@gabbyalicorn
anonymous
  • anonymous
A or C?
anonymous
  • anonymous
wait sorry now i get it
gabbyalicorn
  • gabbyalicorn
well, for part A i am leaning twoard A or C but mostly A. This is kind of tricky XD
anonymous
  • anonymous
What about part B? @gabbyalicorn
gabbyalicorn
  • gabbyalicorn
well part b could be " Second, memory uses general knowledge to fill in gaps. Our brains reconstruct events and scenes when we remember something. With individual memories all jumbled up with each other, it is hard to believe we ever know anything to be true." but i could be wrong. this is just what i think
anonymous
  • anonymous
gabby if your gonna help one person stick to them till ur done it is irritating
anonymous
  • anonymous
when u switch ok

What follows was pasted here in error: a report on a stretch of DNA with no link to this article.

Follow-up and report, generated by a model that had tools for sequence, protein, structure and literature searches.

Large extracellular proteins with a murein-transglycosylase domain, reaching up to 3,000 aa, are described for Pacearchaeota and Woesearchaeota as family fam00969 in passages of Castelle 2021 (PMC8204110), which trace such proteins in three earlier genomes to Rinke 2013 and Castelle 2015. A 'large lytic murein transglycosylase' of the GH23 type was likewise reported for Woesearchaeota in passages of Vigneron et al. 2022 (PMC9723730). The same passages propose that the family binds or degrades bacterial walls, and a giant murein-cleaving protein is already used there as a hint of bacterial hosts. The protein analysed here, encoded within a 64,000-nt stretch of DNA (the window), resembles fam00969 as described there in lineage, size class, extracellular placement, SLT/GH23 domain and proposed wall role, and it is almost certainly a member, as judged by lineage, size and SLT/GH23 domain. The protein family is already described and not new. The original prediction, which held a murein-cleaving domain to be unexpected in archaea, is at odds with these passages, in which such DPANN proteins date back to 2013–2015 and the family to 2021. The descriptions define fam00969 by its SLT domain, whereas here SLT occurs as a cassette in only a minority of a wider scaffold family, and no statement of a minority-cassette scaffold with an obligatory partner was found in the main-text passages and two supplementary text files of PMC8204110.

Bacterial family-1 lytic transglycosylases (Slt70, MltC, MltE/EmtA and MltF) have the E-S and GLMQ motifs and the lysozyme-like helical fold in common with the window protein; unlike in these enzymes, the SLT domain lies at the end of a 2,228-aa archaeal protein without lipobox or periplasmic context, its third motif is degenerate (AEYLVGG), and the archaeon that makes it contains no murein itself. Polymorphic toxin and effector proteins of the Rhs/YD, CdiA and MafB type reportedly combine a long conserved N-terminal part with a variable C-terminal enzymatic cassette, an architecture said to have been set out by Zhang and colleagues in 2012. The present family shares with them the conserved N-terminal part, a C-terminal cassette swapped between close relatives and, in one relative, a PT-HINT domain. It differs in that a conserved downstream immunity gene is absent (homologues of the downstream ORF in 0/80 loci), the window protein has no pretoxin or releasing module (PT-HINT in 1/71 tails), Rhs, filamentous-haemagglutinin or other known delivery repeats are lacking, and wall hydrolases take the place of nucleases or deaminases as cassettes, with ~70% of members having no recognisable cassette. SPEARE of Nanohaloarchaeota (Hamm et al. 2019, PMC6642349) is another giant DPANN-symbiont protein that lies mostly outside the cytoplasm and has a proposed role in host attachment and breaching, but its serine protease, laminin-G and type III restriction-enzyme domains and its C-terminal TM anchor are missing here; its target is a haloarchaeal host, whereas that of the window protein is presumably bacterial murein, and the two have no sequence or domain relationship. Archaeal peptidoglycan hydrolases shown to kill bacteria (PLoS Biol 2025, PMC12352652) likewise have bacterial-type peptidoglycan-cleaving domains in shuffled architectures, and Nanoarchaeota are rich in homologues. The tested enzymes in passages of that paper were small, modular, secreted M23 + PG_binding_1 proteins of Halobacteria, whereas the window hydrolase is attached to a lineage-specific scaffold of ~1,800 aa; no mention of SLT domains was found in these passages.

anonymous
  • anonymous
i don't understand the answer for part B @gabbyalicorn
anonymous
  • anonymous
she is saying jibberish GABBY SPEAK ENGLISH
gabbyalicorn
  • gabbyalicorn
Select one quotation from the text that supports your answer to Part A. that is what i did
gabbyalicorn
  • gabbyalicorn
ooooh you have to choose one of the text that it gives you :/ oh nvm let me just look at this again
anonymous
  • anonymous
yeah but that what u said is there so thanks :)
gabbyalicorn
  • gabbyalicorn
i think Research has also shown that the more a witness's account is told, the less accurate it is and With individual memories all jumbled up with each other, it is hard to believe we ever know anything to be true. and np
anonymous
  • anonymous
@kiamousekia have anymore questions
anonymous
  • anonymous
no i am done thanks
anonymous
  • anonymous
ok